We are bombarded with advertisements every day in different situations and on multiple platforms. A 2014 study by Media Dynamics, Inc. found that the average person was exposed to 362 ads per day; wilder estimates have put this number at 5,000.

Either way, it’s a huge amount of information for us to filter—but filter it is exactly what we do. We’ve become adept at discarding ads we consider irrelevant and often do this subconsciously, choosing to ignore an ad without even realizing we’ve seen it.

What’s more, in the Internet age, where smartphone, Skype and email alerts are coming in constantly, we’ve grown ever more skilled at simply ignoring things to focus on the task at hand.

“When you’re doing outbound sales, you’re interrupting people,” writes Efti. “Everybody is an expert nowadays on filtering out interruptions… It’s like our brains have a subconscious TiVo or adware program running that immediately blocks anything that triggers the sales-pitch alarm.”

The result for the salesperson? “You basically have to buy, beg or bug your way in.”
 

Lengthy Sales Cycles

Inbound leads are looking to be sold to. It is therefore much easier to get a fast, efficient sales cycle working. Outbound prospects, on the other hand, often aren’t looking to be sold to, which can lead to a lot of time and energy being put in—and a lengthy, laborious sales cycle of months or even more.
 

When You Stop Working, The Leads Stop Coming

With inbound, you can leave the machines running in the factory even after you’ve clocked off. Inbound leads keep generating even when you’ve stopped working, meaning that you should rarely have a shortage of prospects when you start work in the morning.

“Outbound sales stops working as soon as you stop working,” writes Efti. “[A]s soon as you stop doing outbound, it stops generating new business.”
 

The Advantages Of Inbound

It wasn’t simply the disadvantages of outbound that led people like Smulski to sound the death knell for outbound in the Internet age. Inbound’s myriad advantages helped convince many that outbound was simply a bloated, expensive, inefficient waste of time.

Let’s have a look at some of those advantages.
 

Time Efficiency

If marketing is doing its job properly, you will be getting present with a steady stream of quality leads. This means you don’t have to go hunting for them via email and telephone and that they are interested in buying already. Sales should be integrated with marketing so that it can educate marketing on how to identify a quality lead.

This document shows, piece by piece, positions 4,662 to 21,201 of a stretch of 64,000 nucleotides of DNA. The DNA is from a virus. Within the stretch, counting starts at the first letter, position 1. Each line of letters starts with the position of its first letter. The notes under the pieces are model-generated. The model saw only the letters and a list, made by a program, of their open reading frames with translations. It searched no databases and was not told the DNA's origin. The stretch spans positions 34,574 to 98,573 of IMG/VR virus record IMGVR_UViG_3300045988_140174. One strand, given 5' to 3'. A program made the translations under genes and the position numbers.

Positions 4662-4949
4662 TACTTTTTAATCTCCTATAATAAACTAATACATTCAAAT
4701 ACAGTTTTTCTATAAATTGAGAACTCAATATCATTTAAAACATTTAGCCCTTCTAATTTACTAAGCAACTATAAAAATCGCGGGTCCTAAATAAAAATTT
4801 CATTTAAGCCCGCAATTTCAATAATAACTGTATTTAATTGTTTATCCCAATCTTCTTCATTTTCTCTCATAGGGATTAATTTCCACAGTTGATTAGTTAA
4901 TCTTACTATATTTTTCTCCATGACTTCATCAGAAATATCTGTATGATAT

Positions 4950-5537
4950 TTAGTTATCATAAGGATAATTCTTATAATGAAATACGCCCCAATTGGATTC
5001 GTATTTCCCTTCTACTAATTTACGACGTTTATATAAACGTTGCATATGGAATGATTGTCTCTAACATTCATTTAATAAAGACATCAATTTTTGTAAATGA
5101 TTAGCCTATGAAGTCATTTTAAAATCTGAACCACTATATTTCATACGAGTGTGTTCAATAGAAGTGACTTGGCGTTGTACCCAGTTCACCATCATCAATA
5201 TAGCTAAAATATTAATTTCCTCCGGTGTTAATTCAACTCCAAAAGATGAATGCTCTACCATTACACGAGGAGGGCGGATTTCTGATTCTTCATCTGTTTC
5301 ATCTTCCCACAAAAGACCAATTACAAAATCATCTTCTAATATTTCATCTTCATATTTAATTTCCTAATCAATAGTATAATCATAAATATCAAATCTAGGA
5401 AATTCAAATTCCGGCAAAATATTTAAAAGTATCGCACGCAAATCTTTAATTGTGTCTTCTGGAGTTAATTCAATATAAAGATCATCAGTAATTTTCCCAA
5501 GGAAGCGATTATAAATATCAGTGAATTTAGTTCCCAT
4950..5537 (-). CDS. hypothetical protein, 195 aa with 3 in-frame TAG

The end result should be that reps have a lot more time to spend doing their actual job of selling instead of growing tired and frustrated from the constant hunt for leads. In modern multirole sales orgs, so the logic goes, SDRs should be spending their time qualifying leads, not chasing them up in the first place.
 

Interested, Informed Prospects

One of the great developments of the Internet age is that prospects now come to the table with far greater knowledge than ever before, having armed themselves prior to even engaging with a sales rep. This, in turn, has forced reps to up their game, making sure they’re on their mettle and that they come across as experts in their particular field.

This is completely different to the classic outbound dynamic of opportunistic sales rep and unsuspecting customer, and it provides the rep with great opportunities to drive future business. A prospect who is impressed with a rep’s knowledge and attention to detail is more likely to make a referral to someone they know - and that’s when the big bucks start rolling in.

“Inbound sales is about turning marketing into education, and sales into service,” writes Smulski. “Pride yourself on helping others, and make a better living at the same time. Everybody wins.”
 

Shorter Sales Cycles

Quality leads mean interested prospects, and interested prospects mean a decreased sales cycle. Instead of taking many months to convince a lead—always with the prospect of losing them looming large—a sale can be completed in double-quick time and the prospect of referrals keeps the sales cycle flowing very nicely indeed.